tradition and their scriptures. Are there any pro-vegetarian suttas in the Theravada Pali
A. The Pali Canon is permeated with suttas that also espouse the virtues of not killing or causing
―All beings tremble before danger, all fear death. When a man considers this, he does not kill
or cause to kill. All beings fear before danger, life is dear to all. When a man considers this, he
does not kill or cause to kill.
―The worth of heart by amity reached, who kills not and does not cause to kill.‖
Anguttara Nikaya 8.1
―Whereas some ascetics and Brahmins, feeding on the food of the faithful, remain addicted to
the enjoyment of stored-up goods such as food, drink, clothing, carriages, beds, perfumes and
meat, the ascetic Gotama refrains from such enjoyment.‖
Brahmajala Sutta, Digha Nikaya
In one (Pali Canon) sutta, the Buddha gives 10 analogies to describe how bad attachment to
sense desires can be. He compares attachment to sense desires with ten really bad things.
This includes things such as a skeleton, a burning torch that is about to burn our hands, and a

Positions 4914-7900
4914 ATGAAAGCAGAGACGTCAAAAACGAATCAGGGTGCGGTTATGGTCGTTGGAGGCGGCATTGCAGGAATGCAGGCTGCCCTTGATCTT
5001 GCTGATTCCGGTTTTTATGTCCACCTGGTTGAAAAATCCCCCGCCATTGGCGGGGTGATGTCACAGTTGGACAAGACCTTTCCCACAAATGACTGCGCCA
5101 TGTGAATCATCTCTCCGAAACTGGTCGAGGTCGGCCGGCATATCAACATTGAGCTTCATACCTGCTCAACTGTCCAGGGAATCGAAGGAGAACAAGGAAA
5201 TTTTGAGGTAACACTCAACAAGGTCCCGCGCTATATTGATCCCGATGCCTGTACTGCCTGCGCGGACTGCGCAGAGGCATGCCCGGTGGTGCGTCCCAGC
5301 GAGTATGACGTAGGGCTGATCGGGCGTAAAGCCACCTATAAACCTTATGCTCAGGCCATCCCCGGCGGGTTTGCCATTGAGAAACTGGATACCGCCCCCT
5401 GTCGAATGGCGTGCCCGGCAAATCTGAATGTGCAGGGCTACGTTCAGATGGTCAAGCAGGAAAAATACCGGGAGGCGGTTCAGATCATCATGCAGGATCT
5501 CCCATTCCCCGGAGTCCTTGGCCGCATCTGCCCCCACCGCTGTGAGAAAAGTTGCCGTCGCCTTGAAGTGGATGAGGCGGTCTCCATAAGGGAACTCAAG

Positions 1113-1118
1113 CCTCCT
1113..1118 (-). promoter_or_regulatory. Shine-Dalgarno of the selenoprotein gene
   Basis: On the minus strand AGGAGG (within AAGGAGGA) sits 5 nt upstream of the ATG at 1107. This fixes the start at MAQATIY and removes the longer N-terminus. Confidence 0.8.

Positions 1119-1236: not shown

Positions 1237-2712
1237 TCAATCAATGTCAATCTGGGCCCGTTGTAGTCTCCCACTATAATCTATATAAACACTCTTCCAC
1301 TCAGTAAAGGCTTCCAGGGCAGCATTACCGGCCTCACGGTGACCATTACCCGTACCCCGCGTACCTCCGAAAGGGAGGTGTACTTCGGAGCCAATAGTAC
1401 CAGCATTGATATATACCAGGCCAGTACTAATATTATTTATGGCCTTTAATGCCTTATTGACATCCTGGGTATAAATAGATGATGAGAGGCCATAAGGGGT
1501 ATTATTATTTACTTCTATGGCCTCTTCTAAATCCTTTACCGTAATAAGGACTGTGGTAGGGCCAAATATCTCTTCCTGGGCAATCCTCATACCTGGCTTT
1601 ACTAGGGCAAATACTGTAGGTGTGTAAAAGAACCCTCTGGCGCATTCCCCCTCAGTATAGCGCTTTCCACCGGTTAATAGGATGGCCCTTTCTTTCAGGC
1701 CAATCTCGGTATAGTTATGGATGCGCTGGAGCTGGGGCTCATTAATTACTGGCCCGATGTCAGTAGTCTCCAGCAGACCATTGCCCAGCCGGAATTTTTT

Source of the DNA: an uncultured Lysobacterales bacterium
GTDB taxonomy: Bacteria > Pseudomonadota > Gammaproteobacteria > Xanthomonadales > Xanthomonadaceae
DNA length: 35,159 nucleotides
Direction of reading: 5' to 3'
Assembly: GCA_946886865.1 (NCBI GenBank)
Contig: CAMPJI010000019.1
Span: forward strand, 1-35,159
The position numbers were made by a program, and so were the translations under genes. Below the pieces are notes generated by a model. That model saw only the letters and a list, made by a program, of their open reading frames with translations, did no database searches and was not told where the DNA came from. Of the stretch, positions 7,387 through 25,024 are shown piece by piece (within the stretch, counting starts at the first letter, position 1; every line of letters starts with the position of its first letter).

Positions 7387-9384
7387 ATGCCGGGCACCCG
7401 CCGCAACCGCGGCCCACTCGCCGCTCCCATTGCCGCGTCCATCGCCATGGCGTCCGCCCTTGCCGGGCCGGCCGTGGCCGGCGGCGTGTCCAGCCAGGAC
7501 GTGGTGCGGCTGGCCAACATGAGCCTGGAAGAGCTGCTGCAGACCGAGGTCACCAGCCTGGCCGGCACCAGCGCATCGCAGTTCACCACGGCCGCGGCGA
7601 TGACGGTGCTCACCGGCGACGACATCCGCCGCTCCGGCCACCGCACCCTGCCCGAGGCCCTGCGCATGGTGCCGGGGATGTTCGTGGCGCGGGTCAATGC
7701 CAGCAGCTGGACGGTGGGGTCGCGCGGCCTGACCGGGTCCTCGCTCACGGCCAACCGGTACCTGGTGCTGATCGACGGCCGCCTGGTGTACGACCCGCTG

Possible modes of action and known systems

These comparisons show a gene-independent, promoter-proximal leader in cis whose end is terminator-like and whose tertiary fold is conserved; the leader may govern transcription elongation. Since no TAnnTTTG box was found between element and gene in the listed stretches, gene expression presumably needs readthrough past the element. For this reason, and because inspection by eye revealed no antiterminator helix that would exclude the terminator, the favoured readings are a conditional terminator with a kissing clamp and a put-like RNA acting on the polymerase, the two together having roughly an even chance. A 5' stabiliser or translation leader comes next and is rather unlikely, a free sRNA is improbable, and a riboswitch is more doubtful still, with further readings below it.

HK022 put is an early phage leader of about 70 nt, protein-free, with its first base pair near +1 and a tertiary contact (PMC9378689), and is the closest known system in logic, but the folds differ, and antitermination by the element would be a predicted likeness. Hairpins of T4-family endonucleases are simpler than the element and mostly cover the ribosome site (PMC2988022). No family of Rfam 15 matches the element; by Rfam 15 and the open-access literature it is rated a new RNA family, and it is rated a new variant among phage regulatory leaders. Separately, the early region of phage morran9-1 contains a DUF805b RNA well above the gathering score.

poisonous snake. The final analogy the Buddha makes to describe something very bad, is that of
a slaughterhouse. He used the description of a slaughterhouse as one of the analogies to describe
something bad. (Majjhima Nikaya 22)
Also from the Canon, ―What is the one thing, O Gotama, whose killing you approve?‖ The
Buddha responds, ―Having slain anger, one sleeps soundly; having slain anger, one does not
sorrow.‖ Samyutta Nikaya 1.257-258 and also in Samyutta Nikaya 7.613-614 and Samyutta
Nikaya 11 In this statement, the Buddha says that the only thing worth killing is anger.
In the following verses, we find even more direct causal connections to refrain from meat eating
in the Theravada Pali Canon:
―Monks, one possessed of three qualities is put into Purgatory according to his actions. What
three? One is himself a taker of life, encourages another to do the same and approves thereof.